Keshav K. Singh, PhD

Keshav_K._Singh_PhD_-_pictureKeshav K. Singh, Ph.D., joined the UAB Comprehensive Cancer Center as senior scientist in the Cancer Cell Biology Program, director of the Cancer Genetics Program, and as the Joy and Bill Harbert Endowed Chair in Cancer Genetics.

A leader in the field of cancer genetics, mitochondrial genetics and “intergenomic” cross talk between mitochondria and the nucleus, Dr. Singh is also professor in the Departments of Genetics, Pathology and Environmental Health.

“We are thrilled to have a researcher of Dr. Singh’s caliber join us at the Cancer Center,” says Edward Partridge, M.D., director of the Cancer Center. “His background and expertise will be instrumental in expanding our efforts in the growing and exciting field of cancer genetics.”

Dr. Singh obtained his undergraduate degree from Rohilkhand University, and a master's degree from G.B. Pant University of Agriculture and Technology, both in Uttar Pradesh, India. He earned his Ph.D. from the University of Wollongong in New South Wales, Australia. He was trained as a post-doctoral fellow at Harvard University and served as an assistant professor of oncology at the Sidney Kimmel Comprehensive Cancer Center at Johns Hopkins School of Medicine. Most recently he was at the Roswell Park Cancer Institute where he was a distinguished professor of oncology.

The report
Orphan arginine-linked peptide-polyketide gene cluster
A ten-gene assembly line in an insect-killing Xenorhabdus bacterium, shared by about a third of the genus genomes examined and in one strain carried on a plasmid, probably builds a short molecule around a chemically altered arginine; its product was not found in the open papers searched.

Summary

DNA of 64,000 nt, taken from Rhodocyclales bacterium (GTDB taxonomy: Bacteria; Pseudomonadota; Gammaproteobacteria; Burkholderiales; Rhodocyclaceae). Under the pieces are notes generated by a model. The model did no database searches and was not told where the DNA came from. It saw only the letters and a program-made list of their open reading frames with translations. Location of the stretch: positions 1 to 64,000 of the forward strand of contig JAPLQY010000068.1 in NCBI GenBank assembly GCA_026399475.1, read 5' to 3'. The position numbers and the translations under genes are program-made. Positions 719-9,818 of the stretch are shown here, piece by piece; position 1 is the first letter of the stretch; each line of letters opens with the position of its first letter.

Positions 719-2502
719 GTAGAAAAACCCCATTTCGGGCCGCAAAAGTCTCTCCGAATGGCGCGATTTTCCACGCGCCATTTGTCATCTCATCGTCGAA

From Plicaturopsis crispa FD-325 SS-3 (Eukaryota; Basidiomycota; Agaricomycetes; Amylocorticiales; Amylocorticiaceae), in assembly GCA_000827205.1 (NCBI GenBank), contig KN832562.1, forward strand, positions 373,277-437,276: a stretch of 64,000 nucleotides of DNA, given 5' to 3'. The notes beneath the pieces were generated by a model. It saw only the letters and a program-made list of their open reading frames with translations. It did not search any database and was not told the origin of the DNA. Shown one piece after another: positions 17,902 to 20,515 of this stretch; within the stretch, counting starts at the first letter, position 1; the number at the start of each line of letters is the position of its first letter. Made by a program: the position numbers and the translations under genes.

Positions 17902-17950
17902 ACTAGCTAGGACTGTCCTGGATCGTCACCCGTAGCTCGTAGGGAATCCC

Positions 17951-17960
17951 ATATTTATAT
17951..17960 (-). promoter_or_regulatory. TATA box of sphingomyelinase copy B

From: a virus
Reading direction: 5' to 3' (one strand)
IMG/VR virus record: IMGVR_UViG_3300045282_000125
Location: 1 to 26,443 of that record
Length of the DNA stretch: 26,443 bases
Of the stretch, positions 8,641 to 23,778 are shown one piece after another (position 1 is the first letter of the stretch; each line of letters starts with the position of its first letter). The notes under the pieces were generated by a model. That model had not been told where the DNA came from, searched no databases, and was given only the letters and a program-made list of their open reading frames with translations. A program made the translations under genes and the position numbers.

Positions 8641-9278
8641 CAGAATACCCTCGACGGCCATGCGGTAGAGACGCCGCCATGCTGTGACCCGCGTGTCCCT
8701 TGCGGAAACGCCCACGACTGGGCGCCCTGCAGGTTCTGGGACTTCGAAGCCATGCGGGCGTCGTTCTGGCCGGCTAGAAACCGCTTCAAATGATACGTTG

“Dr. Singh is internationally recognized for his research on cancer genetics and the genetics of energy metabolism. His arrival on campus will bring our research program on the genetics and genomics of cancer to a new level,” says Bruce Korf, M.D., Ph.D., chairman of the Department of Genetics and the director of the Heflin Center for Genomic Sciences.

In addition to his research in cancer genetics, Dr. Singh is passionate about promoting research and awareness around the world on mysterious mitochondrial diseases arising due to defect in the “power house of the cell.” “Since mitochondrial diseases are multisystem disorders, it is extremely difficult to diagnose. Unfortunately clinical standard for diagnosis and therapy for these diseases do not exist,” says Dr. Singh.

Dr. Singh is the founder of the Mitochondria Research and Medicine Society in the U.S. and the founding editor-in-chief of the journal, Mitochondrion. He also founded the Mitochondria Research and Medicine Society in India.

Dr. Singh’s basic research is focused on underlying mechanisms of mitochondria-to-nucleus retrograde signaling, “intergenomic” cross talk, genomic instability, and its role in cancer and other human diseases. Dr. Singh’s translational research include developing agents and methods that can detect and reverse mitochondrial defects in cells and identify potential "mitomutagens," which may contribute to development of human pathologies.

He is serving on the editorial board of several research journals, and is either serving or has served as an expert reviewer of grants submitted to numerous agencies such as National Institute of Health, National Research Council, U.S. Department of State, and the Canada- Komen Breast Cancer Foundation. He is the author of more than 75 research publications and three books, “Mitochondrial DNA Mutations in Aging, Disease and Cancer,” “Oxidative Stress, Disease and Cancer,” and “Mitochondria and Cancer.”

The UAB Comprehensive Cancer Center is among the 40 cancer centers in the nation to meet the stringent criteria for the National Cancer Institute's comprehensive designation. The center is a leader in groundbreaking research, reducing cancer disparities and leading-edge patient care.